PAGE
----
I was interviewed the other day about my involvement in advocacy on behalf of college students who are also parenting. Apparently a story is being written about the six+ years I've been a part of a group that does things to help remove barriers to student parents' access to the full University experience. We've done some awesome things; I'm very honored to have been a part of it all.
The interviewer asked me about the conflict between the demands of parenting and the demands of being a student, which got me thinking: I've been stressed out for most of Twelve's life. Between the stress of being a college student and the stress of being an underemployed college graduate, there were maybe a couple of years of regular life - total.
This makes me sad.
On the one hand, it's good for children to learn that parents have other important priorities in their lives and that we do not always practice perfect parenting.
On the other hand, it's lousy to be reminded of all the times that you haven't been the parent you want to be.
Thanks a lot for the guilt trip, interviewing story-writing dude! (He is actually a great guy - his daughter just graduated from Twelve's school and we got to chat a bit about that.)
As I've made decisions in the last several months to work less and be home with/for Twelve more, I've really been conscious of the effect that stress has on our interactions since she's become an adolescent. When I've been worried about money or trying to get a paper written or studying for an exam, I just didn't have as much emotional energy left for her. When she senses that I'm stressed out, I think it affects her behavior now in a way that it didn't in the past. I can't quite put my finger on the difference, but it's almost like she's getting defensive and fighting back, or something.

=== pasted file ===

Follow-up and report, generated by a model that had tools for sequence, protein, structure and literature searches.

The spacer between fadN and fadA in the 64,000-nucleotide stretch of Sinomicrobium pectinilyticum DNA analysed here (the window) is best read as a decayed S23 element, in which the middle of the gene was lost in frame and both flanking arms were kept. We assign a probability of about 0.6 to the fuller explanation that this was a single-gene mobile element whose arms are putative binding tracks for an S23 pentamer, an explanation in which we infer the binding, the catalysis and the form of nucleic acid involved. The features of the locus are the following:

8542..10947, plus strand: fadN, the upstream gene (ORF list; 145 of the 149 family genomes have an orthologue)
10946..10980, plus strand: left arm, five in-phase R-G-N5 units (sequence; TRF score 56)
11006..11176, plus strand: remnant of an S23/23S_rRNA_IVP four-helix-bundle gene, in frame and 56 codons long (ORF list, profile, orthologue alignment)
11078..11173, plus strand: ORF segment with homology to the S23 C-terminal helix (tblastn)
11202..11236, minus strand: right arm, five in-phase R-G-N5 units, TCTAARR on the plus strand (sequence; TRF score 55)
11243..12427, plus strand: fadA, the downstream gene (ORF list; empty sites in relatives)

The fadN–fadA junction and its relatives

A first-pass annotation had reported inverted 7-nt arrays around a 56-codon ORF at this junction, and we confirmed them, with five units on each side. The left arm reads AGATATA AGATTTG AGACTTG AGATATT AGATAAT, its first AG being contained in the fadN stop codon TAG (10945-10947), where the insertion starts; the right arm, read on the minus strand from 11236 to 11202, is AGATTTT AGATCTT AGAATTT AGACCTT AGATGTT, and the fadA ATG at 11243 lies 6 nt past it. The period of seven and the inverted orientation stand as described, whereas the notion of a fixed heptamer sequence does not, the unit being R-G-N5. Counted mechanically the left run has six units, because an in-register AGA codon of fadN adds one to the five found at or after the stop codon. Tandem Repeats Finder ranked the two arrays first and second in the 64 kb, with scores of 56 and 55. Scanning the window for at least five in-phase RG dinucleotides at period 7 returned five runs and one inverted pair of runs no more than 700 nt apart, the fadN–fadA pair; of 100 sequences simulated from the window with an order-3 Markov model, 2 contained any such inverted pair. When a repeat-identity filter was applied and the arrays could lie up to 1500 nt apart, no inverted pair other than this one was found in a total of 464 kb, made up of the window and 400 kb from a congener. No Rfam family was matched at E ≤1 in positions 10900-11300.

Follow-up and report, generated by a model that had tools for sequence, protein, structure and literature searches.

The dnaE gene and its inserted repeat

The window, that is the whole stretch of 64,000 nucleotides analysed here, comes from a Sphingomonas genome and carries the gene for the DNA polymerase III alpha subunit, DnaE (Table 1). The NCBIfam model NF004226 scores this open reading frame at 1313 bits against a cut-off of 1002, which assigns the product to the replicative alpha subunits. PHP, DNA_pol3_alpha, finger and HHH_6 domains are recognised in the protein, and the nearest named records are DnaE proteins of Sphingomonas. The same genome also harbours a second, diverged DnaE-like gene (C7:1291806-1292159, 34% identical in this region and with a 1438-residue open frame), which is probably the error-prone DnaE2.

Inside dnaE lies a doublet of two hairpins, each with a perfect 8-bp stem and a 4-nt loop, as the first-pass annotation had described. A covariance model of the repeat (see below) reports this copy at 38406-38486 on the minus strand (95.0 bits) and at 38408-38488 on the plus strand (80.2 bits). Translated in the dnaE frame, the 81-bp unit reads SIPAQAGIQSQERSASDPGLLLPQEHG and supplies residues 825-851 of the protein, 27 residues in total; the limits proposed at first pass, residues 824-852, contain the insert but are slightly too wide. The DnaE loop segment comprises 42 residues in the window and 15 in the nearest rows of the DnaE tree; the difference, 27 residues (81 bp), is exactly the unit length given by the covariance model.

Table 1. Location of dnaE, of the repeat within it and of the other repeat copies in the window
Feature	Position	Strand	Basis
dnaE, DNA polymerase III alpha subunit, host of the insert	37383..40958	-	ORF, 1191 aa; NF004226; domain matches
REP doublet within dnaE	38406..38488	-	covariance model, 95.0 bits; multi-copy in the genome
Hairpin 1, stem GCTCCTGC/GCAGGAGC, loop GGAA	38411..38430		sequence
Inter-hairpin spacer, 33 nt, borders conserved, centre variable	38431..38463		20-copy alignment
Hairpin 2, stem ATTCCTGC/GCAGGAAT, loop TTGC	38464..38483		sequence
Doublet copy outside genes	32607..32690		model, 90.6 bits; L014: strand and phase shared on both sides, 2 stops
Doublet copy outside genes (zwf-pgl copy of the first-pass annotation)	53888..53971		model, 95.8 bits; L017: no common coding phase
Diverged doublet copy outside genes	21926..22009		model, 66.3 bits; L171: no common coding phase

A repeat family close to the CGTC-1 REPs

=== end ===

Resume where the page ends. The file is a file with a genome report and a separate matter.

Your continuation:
Structuring my life so that I can be home a lot this summer and after school next year just feels right. It means that I will be able to respond to whatever parts of Twelve's life that she wants to share with me (according to my research, these will become fewer and fewer from here on out). I'll have time to supervise school performance more closely (sigh). I may even postpone the pursuit of a tenure-track professorship - assuming that's even what I want - until after high school (gulp).
All of this is absolutely an exercise of privilege, of course, and I'm intentionally as conscious as I can be of the way luck, systematic privilege, and my life skills and choices have worked together to make this possible at this time. I'm looking at it in the same way that I did the decision to send her to Waldorf kindergarten: I'm not going to not do it because it's something that's unavailable to so many others. I'm going to do the best that I can for my daughter, period. Hypocritical? Maybe. Pragmatic? Yeah. Welcome to the space between the principle and the reality.
Also, this sets back my plan to buy a new(er) car by at least six years, so if you want to be a sanctimonious pedant, go do it somewhere else.